We also met artist Ginny Ross on the pier. Originally from Dennis, Ross has lived in P-town for 22 years. “It’s an awesome place to live,” she says. “Warm, kind, considerate—it’s very accepting.” Working out of one of the artist shacks, Ross makes jewelry and sea glass artwork. To say she’s inspired by her jobsite would be an understatement. “The ocean light meets the bay light,” says Ross. “There’s nothing like it anywhere else.”
Daily Provincetown specials: great food everywhere!
We visited several restaurants on Commercial Street, enjoying terrific food and some fun conversations with staff. Our first meal was at Local 186, which specializes in burgers and beer, and offers outdoor seating with great views of the street. Browsing the cocktail menu, I considered The Tennessee Williams and The Mrs. Howell, but alas, I just ordered “The Old Fashioned” burger. It was only lunch—and we had work to do. Later, at Burger Queen, we reviewed the day’s photos while tuning in to a discussion between owner, Tony Edwards, and a customer on whether a “traditional” lobster roll should be served hot or cold. If anyone knows the correct answer to this question, please email me!
In the heart of downtown, The Lobster Pot is a beloved spot for many, and co-owner Shawn McNulty was the perfect pitchman for both the restaurant and the town. “There’s only one thing that exceeds this view,” McNulty says from the back deck, “and that’s the food.” Open from April to December, the restaurant has about 100 employees and serves about 1,400 diners per day. McNulty showed us some mesmerizing menu items, including a pan-roasted lobster, a lobster avocado appetizer, and just for kicks, he held a 9-1/4 pound lobster aloft—in the middle of Commercial Street—so we could get the best possible picture. When that happened, a posse of passersby pulled out their camera phones to capture the spectacular see-food scene, tying up traffic for a few minutes. True story.
Searching for something light and tasty, we stumbled across a little place called Street Eats, which is . . . what exactly? “It’s Provincetown’s only food truck,” jokes Patti McGraw, referencing the Aquarium Mall eatery she owns with her husband, Jim. Food trucks are not kosher in P-town at present, but for this business the vehicle in question is just painted around the ordering window. The menu consists of “good food on the go,” Patti says, and that includes hot dogs, BLTs, and savory little bites of mac and cheese.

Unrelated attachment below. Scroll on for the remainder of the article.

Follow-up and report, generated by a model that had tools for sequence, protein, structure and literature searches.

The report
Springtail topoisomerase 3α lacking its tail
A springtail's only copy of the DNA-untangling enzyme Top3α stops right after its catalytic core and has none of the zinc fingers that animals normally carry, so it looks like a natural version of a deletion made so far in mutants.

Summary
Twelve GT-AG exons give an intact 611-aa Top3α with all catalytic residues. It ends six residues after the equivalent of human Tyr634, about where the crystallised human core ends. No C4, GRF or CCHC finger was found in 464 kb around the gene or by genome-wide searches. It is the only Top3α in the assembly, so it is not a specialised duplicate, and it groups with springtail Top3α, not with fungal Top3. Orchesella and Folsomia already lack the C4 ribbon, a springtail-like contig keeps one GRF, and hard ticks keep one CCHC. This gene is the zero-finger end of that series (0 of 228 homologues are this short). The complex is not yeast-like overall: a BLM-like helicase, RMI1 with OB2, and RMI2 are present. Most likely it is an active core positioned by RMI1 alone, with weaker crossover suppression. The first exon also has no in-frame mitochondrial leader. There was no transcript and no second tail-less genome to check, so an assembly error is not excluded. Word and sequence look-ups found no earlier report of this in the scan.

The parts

At Aqua Bar, a fun spot with views of the harbor, we met oyster-shucker extraordinaire Eddie Ritter who was filling orders at a feverish pace. A longtime fisherman, Ritter says it takes him about five minutes to shuck a dozen, but that’s no boast; he says he knows Wellfleet folks who can do it five times as fast.
Michele Ragussis, executive chef of the Central House at the Crown & Anchor, is rather taken with Provincetown. “It’s one of the prettiest places I’ve ever seen,” she says. “It’s stunningly beautiful.” With 20 years of experience in the restaurant industry, Ragussis has gained exposure recently from appearances on TV shows including Chopped, 24-Hour Restaurant Battle, and Food Fighters. As a chef, she describes P-town’s seasons as follows: “slow in February, pretty in spring, and super busy in summer.” She can take a breath, she adds, after Labor Day.
Shop till you drop, then visit the hammock store
We enjoyed chatting with Monty Schulenburg, the owner of Monty’s Emporium, a gift shop that sells custom-made Christmas ornaments all year long. In 2016, Monty’s celebrates its silver—or one might say tinsel—anniversary. Another shop we were happy to visit was Northern Lights Hammocks. In business for more than 30 years, the company sells pillows, chimes, and a variety of colorful and comfortable hammocks imported from several countries.
Another spot to tweet about is Birdie Silkscreen in the light blue building. Owner Birdie Cornette draws and paints Provincetown-themed images such as boats and lighthouses, then prints shirts and bags featuring the designs. “I love the activity on Commercial Street,” she says, adding that she doesn’t even mind the traffic.
Say again? “Because,” she says, “it brings good people into town.”
Closing thoughts—as the sun set on our p-town project
Visiting Provincetown one day last September, we met Shannon Corea (not pictured), an EMT from Truro who was enjoying a meal at Local 186. Corea has deep roots in the community; her great-grandfather immigrated to this area from the Algarve region of Portugal, and her grandfather and father were both local fishermen. “Provincetown is the only place that I know that constantly changes,” she says, “yet always stays the same.”
Commercial Street Provincetown Photo Gallery
Photography by Charles Sternaimolo